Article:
An Alexandria attorney, specializing in real estate, was handed a $56,000 penalty by the U.S. Tax Court last month after it rejected his claim of a conservation easement tax deduction on land immediately adjacent to “The Grist Mill” once an integral part of George Washington’s Mount Vernon Plantation.
Chief Judge Joel Gerber denied a $342,000 deduction claimed by James D. Turner and his wife, Beverly, on what they described as a $3.1 million donation to Fairfax County in 1999. The land, previously a tree covered tract located on Route 235 near the intersection with Route 1, now contains 29 large homes.
What makes the case unusual is that it is the first significant victory for the Internal Revenue Service in their efforts to curb what they perceive as abuses to conservation easement tax deductions. According to tax specialists the case could have a national impact on how such easements are interpreted.
Pulled into the case was Mount Vernon District Supervisor Gerald Hyland who signed a letter for Turner, at the latter’s request, stating that Turner could build up to 62 homes on the site “by right.” During the litigation Hyland testified that Turner wrote the letter and he signed it.
“He asked for the letter from me since the plot is in my district. He sent it to the office and I signed it,” Hyland said. “However, the court obviously found that he was not entitled to the deduction.” The argument over the easement and the number of homes which could be located on the site are not intertwined.
In arriving at his decision, Gerber determined that Turner’s donation to the county in agreeing “not to overdevelop” the tract had no value as a conservation easement tax deduction. “The requests by Hyland or any other influential groups to limit development simply indicate their desire for a development that would limit the quantity or amount of interference with the historic nature of the community,” Gerber wrote.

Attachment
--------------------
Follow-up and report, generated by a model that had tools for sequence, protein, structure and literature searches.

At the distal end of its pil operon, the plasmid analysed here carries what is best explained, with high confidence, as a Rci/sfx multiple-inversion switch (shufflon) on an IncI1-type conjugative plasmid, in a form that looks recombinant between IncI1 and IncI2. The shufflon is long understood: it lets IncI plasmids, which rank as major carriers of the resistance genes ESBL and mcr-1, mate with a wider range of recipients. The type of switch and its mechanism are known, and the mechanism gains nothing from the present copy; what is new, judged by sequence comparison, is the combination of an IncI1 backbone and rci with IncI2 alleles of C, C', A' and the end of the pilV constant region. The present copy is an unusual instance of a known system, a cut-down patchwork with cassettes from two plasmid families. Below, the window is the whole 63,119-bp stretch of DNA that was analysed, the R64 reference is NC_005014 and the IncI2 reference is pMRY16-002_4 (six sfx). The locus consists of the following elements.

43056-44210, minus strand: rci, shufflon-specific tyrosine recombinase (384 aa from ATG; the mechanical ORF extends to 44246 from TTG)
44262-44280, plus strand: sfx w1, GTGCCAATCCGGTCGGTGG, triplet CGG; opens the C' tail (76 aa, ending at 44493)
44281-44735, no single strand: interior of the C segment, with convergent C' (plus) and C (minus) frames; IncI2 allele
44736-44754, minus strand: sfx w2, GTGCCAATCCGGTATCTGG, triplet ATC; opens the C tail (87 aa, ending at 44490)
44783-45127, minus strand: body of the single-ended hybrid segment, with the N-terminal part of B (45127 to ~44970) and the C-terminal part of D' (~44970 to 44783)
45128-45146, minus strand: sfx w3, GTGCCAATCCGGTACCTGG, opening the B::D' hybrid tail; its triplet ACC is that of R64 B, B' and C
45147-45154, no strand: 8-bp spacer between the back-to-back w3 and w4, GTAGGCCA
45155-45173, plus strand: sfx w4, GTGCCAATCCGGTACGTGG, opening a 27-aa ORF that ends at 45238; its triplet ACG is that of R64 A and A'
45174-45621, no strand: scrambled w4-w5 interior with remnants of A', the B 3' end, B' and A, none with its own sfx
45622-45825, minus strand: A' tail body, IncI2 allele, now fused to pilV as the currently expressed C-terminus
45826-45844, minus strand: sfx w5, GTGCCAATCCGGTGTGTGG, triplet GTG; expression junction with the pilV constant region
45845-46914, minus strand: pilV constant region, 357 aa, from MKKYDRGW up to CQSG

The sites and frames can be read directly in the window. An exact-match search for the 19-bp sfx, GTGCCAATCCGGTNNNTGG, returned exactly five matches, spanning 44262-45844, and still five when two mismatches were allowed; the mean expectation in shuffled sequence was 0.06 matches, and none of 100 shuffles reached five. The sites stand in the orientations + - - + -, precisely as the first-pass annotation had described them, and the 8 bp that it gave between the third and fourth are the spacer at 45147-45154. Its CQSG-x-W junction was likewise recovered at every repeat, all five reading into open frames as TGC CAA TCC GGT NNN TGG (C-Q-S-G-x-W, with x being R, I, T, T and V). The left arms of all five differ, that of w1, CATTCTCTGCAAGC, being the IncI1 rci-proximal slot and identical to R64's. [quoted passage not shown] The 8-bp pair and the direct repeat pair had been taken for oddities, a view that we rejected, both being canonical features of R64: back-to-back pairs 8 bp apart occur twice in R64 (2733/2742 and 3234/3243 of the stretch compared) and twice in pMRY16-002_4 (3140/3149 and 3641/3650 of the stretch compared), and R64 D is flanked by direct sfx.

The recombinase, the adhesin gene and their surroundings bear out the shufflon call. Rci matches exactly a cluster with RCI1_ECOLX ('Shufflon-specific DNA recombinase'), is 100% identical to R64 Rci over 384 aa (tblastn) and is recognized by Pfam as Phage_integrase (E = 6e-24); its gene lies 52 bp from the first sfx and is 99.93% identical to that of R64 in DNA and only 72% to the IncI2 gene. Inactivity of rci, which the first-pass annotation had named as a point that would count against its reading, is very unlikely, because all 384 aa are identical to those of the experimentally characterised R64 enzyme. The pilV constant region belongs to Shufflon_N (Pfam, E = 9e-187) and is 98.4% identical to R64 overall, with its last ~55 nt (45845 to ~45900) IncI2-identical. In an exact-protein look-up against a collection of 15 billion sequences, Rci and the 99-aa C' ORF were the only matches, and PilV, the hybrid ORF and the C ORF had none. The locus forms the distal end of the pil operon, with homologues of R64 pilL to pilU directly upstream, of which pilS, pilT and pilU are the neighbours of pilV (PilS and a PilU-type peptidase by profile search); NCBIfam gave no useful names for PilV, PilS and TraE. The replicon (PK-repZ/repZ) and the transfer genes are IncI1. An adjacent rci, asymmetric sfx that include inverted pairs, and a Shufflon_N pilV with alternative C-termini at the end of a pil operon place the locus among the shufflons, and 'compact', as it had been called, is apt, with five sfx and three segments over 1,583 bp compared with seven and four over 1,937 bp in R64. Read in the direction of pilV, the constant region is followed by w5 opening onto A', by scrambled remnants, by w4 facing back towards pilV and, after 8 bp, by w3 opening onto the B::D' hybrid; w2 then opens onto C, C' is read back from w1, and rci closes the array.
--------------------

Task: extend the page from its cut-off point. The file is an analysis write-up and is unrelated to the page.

AS NOTED in the court transcript, part of Turner’s practice is “the conduct of real estate closings through a title insurance company he owned.” He is also described by the court as “an investor in real property” and “at all relevant times ... a 60-percent member and general manager of FAC Co., L.C., a limited liability company formed for the purpose of acquiring, rezoning, and developing real property.”
The 29.5 acre site was conglomerated by FAC, according to the court. One parcel, owned by the Future Farmers of America, was acquired in 1997 and 1998 for $2 million, the transcript stated.
On Aug. 7 and 10, 1998, Turner purchased three additional lots “in the Woodland Heights historical overlay district for $550,000” and contributed them to FAC. Approximately one year later, FAC sold the 5.9 acre parcel, including the FFA building, for $1.6 million.
Prior to that sale, Hyland “assisted in the rezoning” of that site “to a C-2 classification that would permit continued use of the commercial building on that property.”
However, “Slightly more than half of the property (15.04 acres) is situated in a designated 100 year floodplain and not available for residential development,” the court noted. Plus, “Historical overlay districts are subjected to special requirements by the county.”
In the court’s assessment, the claim that 60 residences could be build on the 29.5 acre plot was erroneous. “In reality only approximately 30 could be built under the existing county zoning for the property.”
The claimed conservation easement and the underlying supporting appraisal, according to the opinion, “were based on the assumption that 60 dwelling units could be built and the potential for 30 was being given up by the easement.” But, the court claimed the site was always limited to 30 dwelling units. Therefore, nothing was being given up.
It was also noted during the trial that the “by right” conclusion in Hyland’s letter was incorrect. Rezoning would be required to raise the number of dwelling units to 62.
“I disagree that it was by-right. We would have had to go through rezoning. We introduced testimony that the site could go up to 62 dwelling units by rezoning which we feel we could have easily gotten through the regular process,” said J. Carlton Howard, Jr., Turner’s attorney, responding to calls placed to Turner’s office at 124 S. Royal St.
Gerber’s opinion noted that for real property to constitute a qualified conservation contribution three criteria must be met: it must be a “qualified real property interest”; it must be done by a “qualified organization”; and the contribution is “exclusively for conservation purposes.”
The court also concluded there was no historic preservation easement because the site in question “did not preserve a historic structure or historically important land area.” Gerber stated, “Petitioner [Turner] has not shown how his proposed limitation in the conservation easement preserved an historical structure.”
Gerber’s ultimate conclusion was that Turner had not satisfied either the open space or historic preservation subdivision requirements to qualify for a deductible conservation easement.
“We’re very disappointed in the opinion. We think there are substantial facts missing from the court decision. We are assessing all our options including an appeal to the U.S. Circuit Court of Appeals for the Fourth District in Richmond,” Howard said.